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Tuesday, September 16, 2014


by Gil Hoy

Photo by Mike Batterham, Gold Coast Bulletin

through pulsating flesh, as
the hot orange sun glistens
on freshly red-tainted steel.

No moans, no cries, no gasps,
as the core of a rational caring
man drops to the ground
with a sickening thud.

A Prime Minister recoils in
disgust at an uncivilized war
and the provocative evil
natives who dared to show

the world what a savage
brutal killing entails.
The monstrous revenge of
bombs continues to rein on

villages of the weak, who have
no say over anything, and have
been moved into the firing zone,
their killing ordered by faceless

masters they will never know,
unconcerned with the day’s
politics, just wanting another
day’s food and shelter.

A smiling child skips along
the beach in her wildly carefree
exuberance, dexterously
dodging the remaining sea tide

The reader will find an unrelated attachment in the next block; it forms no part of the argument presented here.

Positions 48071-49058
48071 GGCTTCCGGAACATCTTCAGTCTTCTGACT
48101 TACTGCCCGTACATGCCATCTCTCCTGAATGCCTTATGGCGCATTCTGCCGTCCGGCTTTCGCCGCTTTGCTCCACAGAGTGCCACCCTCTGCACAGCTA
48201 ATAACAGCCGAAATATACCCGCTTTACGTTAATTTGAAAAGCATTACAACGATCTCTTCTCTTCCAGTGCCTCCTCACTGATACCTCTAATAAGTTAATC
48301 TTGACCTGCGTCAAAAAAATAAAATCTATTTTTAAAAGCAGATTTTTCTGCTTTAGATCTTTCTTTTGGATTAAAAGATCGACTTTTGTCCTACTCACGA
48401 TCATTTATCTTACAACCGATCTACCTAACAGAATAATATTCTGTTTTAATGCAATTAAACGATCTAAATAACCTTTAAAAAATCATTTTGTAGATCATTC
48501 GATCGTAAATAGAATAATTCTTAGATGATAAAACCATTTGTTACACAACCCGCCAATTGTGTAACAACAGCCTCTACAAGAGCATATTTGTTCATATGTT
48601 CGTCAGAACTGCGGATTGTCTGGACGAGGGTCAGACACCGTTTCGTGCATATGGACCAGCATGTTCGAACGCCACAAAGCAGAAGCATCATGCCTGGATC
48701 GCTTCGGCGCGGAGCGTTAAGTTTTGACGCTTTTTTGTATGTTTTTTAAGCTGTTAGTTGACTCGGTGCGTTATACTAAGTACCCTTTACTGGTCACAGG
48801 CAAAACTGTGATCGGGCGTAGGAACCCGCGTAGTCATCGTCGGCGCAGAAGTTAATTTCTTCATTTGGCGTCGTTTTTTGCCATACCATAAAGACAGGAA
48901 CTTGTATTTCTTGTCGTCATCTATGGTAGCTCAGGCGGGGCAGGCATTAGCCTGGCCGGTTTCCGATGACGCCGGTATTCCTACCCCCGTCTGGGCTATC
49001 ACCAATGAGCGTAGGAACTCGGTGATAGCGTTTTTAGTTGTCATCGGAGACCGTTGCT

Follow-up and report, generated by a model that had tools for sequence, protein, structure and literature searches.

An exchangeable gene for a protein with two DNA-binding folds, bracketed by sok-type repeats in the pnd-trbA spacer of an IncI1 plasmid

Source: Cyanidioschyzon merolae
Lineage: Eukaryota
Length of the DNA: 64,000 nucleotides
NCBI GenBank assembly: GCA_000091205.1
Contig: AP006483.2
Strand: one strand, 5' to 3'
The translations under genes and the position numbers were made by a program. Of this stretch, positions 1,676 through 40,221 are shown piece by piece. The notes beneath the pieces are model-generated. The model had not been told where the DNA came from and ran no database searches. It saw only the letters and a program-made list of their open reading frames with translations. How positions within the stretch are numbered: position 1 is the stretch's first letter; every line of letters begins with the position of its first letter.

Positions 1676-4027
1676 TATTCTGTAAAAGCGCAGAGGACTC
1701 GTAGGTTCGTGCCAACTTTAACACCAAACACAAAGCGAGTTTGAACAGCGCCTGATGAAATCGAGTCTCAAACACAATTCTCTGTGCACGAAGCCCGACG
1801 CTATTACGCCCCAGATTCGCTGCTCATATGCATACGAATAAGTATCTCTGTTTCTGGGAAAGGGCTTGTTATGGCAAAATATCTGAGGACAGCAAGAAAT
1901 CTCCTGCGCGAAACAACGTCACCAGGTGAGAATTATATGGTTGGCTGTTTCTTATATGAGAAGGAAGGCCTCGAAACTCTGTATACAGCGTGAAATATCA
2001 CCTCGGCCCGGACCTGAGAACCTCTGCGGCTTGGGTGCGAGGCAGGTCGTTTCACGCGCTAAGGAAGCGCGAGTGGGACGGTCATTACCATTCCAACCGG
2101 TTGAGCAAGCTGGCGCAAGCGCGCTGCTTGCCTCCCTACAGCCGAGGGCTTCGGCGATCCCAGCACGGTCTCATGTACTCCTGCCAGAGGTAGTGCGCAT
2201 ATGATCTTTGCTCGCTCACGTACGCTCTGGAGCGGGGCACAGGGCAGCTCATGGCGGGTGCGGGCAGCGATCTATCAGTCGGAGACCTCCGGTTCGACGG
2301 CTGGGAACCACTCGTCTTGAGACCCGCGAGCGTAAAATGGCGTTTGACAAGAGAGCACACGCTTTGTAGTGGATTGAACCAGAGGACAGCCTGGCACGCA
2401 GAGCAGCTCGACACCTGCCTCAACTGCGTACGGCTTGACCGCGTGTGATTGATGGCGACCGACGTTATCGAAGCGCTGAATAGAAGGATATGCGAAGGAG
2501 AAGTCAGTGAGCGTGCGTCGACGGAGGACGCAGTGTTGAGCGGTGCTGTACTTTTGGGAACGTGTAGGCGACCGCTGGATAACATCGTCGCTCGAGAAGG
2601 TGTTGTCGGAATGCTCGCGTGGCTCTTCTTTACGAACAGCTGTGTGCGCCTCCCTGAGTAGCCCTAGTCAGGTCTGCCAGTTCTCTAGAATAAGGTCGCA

of welcoming puddles, not knowing
about the boys coming home in
body bags from ruinous
wars that she never would have

wanted, awed by the rhythmic
tidal sounds and smell of sea
salt, as a bagpipe player
in full regalia thinks about

the way the world still conducts
war and plays haunting songs
in the sand. A disgraced

soldier receives God’s
commendation for abandoning the
flag and disobeying a command,

while an inquisitive circling seagull flies
overhead looking for something
fresh to eat in the sea’s puddles.

Gil Hoy studied poetry at Boston University, and started writing his own poetry in February of this year. Since then, Gil’s poems have been published in Soul Fountain, The New Verse News, The Story Teller Magazine, the Clark Street Review, Eye On Life Magazine, and Stepping Stones Magazine.